In Interbellum Literature historian Cor Hermans presents a panorama of modernist writing in the ominous period 1918-1940. The book offers, in full scope, an engaging synthesis of the most stimulating ideas and tendencies in the novels and plays of a wide circle of writers from France (Proust, Gide, Camus, Céline, Tzara, Aragon, Simone Weil), England and Ireland (Virginia Woolf, Orwell, Joyce, Beckett), the USA (Scott Fitzgerald, Arthur Miller, O’Neill, Hemingway), Austria-Hungary (Musil, Broch, Kafka, Zweig, Roth), and Germany (Hesse, Jünger, Böll, Thomas Mann). Caught between world wars, they nevertheless succeeded in creating some of the best literature ever. They created a philosophy as well, rejecting bourgeois ‘mechanical’ society, designing escape routes from the nihilism of the times.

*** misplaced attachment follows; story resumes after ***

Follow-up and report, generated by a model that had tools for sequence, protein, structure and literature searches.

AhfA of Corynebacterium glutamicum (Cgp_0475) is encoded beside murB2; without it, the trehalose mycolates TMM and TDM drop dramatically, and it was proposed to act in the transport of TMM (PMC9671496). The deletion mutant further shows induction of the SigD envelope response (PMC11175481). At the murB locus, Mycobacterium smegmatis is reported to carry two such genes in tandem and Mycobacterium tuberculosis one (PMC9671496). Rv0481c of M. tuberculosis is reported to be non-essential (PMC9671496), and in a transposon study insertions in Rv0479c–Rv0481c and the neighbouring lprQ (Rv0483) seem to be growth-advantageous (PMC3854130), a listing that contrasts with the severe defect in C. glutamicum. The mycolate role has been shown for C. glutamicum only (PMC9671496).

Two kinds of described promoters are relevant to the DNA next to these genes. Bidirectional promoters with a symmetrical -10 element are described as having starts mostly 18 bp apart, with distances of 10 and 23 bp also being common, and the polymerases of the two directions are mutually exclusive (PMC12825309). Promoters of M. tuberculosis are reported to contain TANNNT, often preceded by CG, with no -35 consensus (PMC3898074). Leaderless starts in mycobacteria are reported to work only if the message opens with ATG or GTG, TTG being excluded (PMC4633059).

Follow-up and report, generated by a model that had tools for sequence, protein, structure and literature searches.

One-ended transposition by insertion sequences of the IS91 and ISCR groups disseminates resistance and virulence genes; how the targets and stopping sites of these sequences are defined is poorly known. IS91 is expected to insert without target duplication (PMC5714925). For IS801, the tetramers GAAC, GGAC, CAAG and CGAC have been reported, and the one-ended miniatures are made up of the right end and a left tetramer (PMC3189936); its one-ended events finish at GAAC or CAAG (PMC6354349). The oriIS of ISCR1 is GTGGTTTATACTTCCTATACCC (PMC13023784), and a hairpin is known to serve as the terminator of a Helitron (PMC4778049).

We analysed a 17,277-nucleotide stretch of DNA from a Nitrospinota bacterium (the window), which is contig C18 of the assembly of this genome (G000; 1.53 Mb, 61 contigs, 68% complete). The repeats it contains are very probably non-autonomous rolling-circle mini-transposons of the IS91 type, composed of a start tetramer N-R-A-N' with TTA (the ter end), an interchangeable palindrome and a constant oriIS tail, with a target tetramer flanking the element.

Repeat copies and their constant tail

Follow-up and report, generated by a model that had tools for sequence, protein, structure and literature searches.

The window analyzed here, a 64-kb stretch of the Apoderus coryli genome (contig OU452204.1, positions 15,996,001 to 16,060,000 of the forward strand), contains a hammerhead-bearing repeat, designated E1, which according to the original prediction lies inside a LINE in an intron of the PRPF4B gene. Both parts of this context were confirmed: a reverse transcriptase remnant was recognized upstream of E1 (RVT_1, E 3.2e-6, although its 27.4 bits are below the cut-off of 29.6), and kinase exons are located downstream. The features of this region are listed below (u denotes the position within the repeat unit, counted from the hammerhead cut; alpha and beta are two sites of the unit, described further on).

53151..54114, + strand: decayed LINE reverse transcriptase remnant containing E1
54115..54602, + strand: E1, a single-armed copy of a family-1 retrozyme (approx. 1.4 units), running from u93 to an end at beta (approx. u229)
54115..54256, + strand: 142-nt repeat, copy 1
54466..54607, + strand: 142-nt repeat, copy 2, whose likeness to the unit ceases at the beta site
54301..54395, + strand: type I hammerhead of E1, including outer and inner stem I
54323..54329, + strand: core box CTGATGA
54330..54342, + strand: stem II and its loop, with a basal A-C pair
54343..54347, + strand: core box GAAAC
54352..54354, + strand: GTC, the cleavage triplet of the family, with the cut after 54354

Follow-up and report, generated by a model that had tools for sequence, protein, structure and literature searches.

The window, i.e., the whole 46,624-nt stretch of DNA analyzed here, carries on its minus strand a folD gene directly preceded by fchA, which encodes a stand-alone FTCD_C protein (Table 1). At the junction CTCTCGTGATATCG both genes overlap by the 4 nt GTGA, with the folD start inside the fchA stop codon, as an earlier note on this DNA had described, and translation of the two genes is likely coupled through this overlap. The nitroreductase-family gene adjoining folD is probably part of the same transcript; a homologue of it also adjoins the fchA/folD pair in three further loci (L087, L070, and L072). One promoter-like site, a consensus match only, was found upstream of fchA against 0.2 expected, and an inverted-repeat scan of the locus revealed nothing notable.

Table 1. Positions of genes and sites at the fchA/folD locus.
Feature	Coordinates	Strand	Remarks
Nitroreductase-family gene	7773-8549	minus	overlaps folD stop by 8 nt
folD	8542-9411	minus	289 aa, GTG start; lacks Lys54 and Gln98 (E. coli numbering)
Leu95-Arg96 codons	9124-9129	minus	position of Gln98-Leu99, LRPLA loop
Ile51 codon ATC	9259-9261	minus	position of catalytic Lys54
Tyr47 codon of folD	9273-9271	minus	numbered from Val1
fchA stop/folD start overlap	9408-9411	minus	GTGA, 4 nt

This work, completed by Neubauer on the very eve of his death in 2015, complements both his benchmark The Emancipation of Music from Language (Yale UP, 1986) and his History of the Literary Cultures of East-Central Europe (John Benjamins, 2004-10). It thematizes Romantic interest in oral speech, its poetical usage in music and musical discourse, and its political usage in the national-communitarian cult of the vernacular community. Subtly and with great erudition, Neubauer traces in different genres and fields the many transnational cross-currents around Romantic cultural criticism and writings on music and language, offering not only fresh analytical insights but also a rich account of the interaction between Romantic aesthetics and cultural nationalism.